• At checkout, the award price drops to 27,300 points
  • $427.70 / 27,300 = 1.566 US cents per point

That’s a difference of about two hundredths of a penny per point, so my guess is that the formula is designed to price tickets for this cabin / fare class (on a “Blue” ticket) at 1.54c per point, rounded to the nearest 100 points. For some reason, the initial search engine is pulling the price in Canadian dollars even though the flight where I stumbled on this originates in the US. By the time it gets to the final checkout screen, the system recognizes that the price is in US Dollars and adjusts the award price accordingly.

So, again, to be clear, the initial 36,600 price is because the computer thinks the flight costs $565.27 (the Canadian-dollars price), but it later recognizes that the price is really $427.70 in US Dollars and it adjusts the award price accordingly.

Interestingly, this problem did not exist on test searches to Mexico, so it doesn’t seem that this is a universal foreign currency problem. Perhaps this problem only exists on the Vancouver route.

At the end of the day, the system does charge the right price during the checkout process. But ordinarily, I wouldn’t have gotten that far before transferring points (not that I transfer to JetBlue frequently — I never have until this booking, but I needed to in this case).

Ultimately, these flights cost me more than I would like to pay for transcontinental economy class, but less than what I thought was the initial sticker price. In hindsight through, I wish I had known about this sooner. A few days prior, when I first considered the flight I ultimately booked, the search results had said 30K points per ticket. That seemed high to me, so I continued to shop around for days hoping for a better option. Knowing what I know now, I imagine that when the initial search display showed 30K points, it really would have meant something like 22K points — and at that price, I would have booked it days sooner and not held out hoping for better.

I imagine that this would probably be a simple fix for JetBlue. Frankly, I’m surprised that they haven’t realized that these awards weren’t pricing correctly — I had certainly noticed the fact that they appeared to be yielding very low value per point. Hopefully they can get this fixed up because it would be a shame if I had done something like transfer Membership Rewards points for 4 tickets, I’d have ended up less than thrilled. Amex points transfer to JetBlue at a rate of 250:200, so at 36.6K points per passenger, I would have needed 146,400 JetBlue TrueBlue points, which would have required transferring 183K Amex points to JetBlue (and paying Amex’s excise “tax”). Instead, I’d have really only needed to transfer 136,500 Amex points to JetBlue assuming I had zero JetBlue points to start — so I’d have locked up nearly 50K Amex points in JetBlue that I wouldn’t have needed thanks to this error.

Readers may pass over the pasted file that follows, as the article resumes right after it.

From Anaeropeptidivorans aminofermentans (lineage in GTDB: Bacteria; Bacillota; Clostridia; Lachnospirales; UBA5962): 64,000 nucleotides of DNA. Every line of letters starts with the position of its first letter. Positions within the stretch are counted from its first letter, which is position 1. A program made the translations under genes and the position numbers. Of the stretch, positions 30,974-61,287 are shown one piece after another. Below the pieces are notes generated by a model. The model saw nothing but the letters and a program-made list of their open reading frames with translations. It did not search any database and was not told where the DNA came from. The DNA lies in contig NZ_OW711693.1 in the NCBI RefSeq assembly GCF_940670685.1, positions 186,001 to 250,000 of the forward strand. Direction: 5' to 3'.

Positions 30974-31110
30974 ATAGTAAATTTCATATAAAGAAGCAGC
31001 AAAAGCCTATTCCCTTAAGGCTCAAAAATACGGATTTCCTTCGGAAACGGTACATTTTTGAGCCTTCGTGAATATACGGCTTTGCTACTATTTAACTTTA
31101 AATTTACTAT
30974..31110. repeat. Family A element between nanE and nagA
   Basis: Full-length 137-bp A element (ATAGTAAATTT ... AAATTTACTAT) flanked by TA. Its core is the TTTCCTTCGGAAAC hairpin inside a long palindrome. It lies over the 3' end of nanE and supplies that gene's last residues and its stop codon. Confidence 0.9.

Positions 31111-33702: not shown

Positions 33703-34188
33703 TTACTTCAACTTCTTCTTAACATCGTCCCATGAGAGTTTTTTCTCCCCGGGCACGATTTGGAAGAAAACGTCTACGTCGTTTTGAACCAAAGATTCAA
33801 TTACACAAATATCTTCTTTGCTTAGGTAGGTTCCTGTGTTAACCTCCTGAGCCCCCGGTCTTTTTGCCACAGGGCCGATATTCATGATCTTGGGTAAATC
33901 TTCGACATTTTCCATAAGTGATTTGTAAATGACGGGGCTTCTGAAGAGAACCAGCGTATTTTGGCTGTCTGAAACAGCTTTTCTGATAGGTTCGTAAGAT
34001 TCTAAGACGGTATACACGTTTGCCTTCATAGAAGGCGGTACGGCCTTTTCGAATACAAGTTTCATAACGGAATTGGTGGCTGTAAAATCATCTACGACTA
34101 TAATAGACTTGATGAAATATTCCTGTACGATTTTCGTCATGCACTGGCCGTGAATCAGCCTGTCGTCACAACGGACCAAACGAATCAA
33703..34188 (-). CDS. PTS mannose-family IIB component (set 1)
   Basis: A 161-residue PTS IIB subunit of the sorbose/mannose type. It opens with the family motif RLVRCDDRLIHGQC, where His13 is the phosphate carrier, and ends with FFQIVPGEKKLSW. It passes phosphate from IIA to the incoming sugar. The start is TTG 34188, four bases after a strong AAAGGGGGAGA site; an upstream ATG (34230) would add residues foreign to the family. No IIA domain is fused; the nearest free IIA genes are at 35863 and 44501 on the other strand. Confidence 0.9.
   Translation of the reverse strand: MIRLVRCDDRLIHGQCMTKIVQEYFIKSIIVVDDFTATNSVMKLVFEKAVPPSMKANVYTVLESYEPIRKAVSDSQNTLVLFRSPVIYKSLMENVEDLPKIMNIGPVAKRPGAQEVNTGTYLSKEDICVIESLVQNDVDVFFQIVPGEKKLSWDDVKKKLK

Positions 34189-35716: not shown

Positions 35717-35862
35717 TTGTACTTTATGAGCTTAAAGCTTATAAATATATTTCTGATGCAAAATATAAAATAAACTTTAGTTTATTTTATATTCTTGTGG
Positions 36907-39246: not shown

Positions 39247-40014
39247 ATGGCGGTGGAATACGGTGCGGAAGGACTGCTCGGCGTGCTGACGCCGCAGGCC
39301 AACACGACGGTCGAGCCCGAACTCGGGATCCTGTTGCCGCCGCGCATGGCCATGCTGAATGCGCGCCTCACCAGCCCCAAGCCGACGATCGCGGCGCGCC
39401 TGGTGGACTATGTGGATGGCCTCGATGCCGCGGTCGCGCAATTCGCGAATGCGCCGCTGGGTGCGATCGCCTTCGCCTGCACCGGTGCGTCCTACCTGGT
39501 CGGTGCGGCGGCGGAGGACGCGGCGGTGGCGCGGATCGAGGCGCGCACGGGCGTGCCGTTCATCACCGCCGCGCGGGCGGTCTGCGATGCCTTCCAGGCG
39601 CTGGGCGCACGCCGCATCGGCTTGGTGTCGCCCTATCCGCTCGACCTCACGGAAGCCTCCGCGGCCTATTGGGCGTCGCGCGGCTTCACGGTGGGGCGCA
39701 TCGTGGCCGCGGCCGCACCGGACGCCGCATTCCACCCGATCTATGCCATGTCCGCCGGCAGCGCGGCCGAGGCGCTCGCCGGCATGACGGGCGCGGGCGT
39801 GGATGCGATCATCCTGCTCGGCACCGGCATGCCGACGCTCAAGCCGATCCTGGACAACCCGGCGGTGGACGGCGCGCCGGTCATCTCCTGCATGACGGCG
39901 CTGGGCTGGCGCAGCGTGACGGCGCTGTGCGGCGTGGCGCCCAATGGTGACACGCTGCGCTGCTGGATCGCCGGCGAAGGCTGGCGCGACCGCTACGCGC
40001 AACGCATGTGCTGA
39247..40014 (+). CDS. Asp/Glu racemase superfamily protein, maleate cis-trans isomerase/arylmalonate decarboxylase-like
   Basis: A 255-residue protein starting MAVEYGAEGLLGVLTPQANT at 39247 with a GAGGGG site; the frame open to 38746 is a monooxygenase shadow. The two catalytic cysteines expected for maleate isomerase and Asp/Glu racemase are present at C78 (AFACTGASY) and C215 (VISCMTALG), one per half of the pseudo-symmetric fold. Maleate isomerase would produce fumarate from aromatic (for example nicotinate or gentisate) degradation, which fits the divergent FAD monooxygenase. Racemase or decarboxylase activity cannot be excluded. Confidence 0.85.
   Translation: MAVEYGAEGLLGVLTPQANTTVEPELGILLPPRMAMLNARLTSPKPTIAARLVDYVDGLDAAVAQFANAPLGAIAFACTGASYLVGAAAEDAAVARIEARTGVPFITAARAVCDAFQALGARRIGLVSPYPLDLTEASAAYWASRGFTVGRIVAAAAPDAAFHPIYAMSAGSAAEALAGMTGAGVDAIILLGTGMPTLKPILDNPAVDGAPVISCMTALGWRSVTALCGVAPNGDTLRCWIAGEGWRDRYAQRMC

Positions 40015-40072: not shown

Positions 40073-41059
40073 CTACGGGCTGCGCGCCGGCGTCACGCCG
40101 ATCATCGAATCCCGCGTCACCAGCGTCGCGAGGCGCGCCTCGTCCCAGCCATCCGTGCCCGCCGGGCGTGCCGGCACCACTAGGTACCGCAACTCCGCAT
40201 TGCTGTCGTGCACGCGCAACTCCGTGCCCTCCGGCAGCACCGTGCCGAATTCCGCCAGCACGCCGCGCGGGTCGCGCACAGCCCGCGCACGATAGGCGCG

At the end of the day, make sure you advance through to the final checkout screen to double-check the price of your international JetBlue award before transferring over all of the points you think you might need.

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It would only cost 27,800 miles if you booked with amex travel (provided you have a biz plat set to jetblue) And you wouldn’t pay any taxes and you would earn miles.


I can’t believe how long that post was to detail the situation you encountered. Lol


He’s great but his posts are very long winded


When this route first came out last year and I tried to book using points, I also found something was not quite right. I think when booking separate one ways the pricing could be entirely different than a roundtrip. Anyways, JetBlue has really horrible IT system overall. I suspect that was more an IT issue than a math issue.


Hmmm…I wonder what the real price is for Blue Extra?


Hahaha. Yes indeed.


Did you check the reverse route (Vancouver-JFK/Boston)? I wonder how that prices


Mention this and JetBlue will increase the price as well as cancel the tickets of others, citing a computer pricing error.